Armed military police lined a street packed with monks, students and villagers as the Banteay Meanchey Provincial Court yesterday began hearing the mountain of drug and corruption charges against former anti-drug czar Moek Dara and former Ministry of Interior anti-drug chief Chea Leng.
Deputy prosecutor It Sam Phors opened the Kingdom’s most high-profile drug case with evidence for two sets of charges relating to the alleged pocketing of six kilograms of heroin in 2007 during a drug bust at the Naga Casino Boat in Phnom Penh, the predecessor of NagaWorld Casino.
Chea Leng is accused of taking the heroin, US$4,000 in cash and a car during the raid.
Yesterday, he told the court he had never confiscated any of the drugs, while Moek Dara denied having any knowledge of the details of the drug bust.
“If I had wanted to take the drugs, I would not have reported the case to the prosecutor,” Chea Leng said.
But witness Ean Sophat, a Ministry of Interior Anti-Drug officer, testified he was part of the bust, posing as a drug smuggler.
“I know about six kilograms of heroin was confiscated because I did it by my own hand,” Ean Sophat said.
Moek Dara said he had ordered the Naga Boat raid by telephone and did not know how much heroin was at the scene or confiscated.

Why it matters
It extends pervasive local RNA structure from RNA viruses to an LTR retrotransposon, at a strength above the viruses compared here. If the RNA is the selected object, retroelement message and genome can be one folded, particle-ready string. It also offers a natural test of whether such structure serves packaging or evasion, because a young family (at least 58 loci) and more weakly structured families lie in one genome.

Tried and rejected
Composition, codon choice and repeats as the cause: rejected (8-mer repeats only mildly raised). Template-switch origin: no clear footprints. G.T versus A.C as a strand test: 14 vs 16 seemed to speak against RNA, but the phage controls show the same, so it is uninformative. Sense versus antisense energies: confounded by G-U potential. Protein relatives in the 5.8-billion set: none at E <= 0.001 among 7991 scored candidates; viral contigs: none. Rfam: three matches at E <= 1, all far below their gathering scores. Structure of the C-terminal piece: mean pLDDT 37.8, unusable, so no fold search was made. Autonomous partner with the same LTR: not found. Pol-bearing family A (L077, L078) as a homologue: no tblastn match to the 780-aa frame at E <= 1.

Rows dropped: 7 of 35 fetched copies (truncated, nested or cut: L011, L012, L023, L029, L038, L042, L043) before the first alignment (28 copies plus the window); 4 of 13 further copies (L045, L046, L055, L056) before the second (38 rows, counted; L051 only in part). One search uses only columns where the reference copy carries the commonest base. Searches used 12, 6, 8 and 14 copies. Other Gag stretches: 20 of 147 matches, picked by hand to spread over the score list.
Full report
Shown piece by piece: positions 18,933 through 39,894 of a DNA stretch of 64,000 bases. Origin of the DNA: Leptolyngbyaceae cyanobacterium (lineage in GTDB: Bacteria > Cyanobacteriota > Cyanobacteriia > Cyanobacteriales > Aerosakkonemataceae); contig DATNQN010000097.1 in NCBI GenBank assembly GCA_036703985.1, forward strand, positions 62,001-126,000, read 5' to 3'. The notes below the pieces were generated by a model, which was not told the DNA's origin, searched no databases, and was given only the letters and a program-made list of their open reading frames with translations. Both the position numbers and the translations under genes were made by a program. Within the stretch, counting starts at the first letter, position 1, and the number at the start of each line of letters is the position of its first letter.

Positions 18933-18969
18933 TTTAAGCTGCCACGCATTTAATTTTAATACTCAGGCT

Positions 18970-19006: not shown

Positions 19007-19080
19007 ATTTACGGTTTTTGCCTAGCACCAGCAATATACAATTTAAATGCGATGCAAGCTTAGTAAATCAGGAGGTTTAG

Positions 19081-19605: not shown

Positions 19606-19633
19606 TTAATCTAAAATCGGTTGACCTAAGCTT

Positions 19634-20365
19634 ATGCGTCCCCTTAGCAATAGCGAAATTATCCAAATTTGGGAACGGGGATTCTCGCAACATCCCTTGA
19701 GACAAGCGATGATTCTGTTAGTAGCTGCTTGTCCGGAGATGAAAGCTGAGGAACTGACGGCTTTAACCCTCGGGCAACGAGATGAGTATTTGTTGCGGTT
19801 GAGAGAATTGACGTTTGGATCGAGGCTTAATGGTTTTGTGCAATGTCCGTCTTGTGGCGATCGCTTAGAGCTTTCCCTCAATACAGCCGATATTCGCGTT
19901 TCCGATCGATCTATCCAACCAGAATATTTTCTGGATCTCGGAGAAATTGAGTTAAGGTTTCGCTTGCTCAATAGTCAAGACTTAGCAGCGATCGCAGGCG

In total, about 50 anti-drug police travelled from Phnom Penh to Banteay Meanchey to appear as witnesses.
Key witnesses include former Banteay Meanchey provincial police chief Hun Hean and his former deputy Chheang Son, both of whom were sentenced to four years in prison on Tuesday for soliciting bribes from drug traffickers.
After being arrested and questioned in January, Hun Hean first implicated Moek Dara as an orchestrator of a large drug racket in the Kingdom.
Shortly after Moek Dara was charged in January, Om Yintieng, head of the Anti-Corruption Unit, alleged he had been using the National Authority for Combating Drugs as a pawn in a large network of selling drugs.
Earlier this week, Om Yentieng said if Moek Dara was found guilty of even one of the 38 charges stacked against him he would face a lifetime in prison.
However, villagers gathered to observe the trial yesterday were not as optimistic.
Heng Lyly said, “I have never seen military deployed on the street like this,” adding that it was the ordinary people who were the victims of the corruption committed by such high-ranking officials.
Deputy prosecutor It Sam Phors said the trial would conclude by January 20, 2012.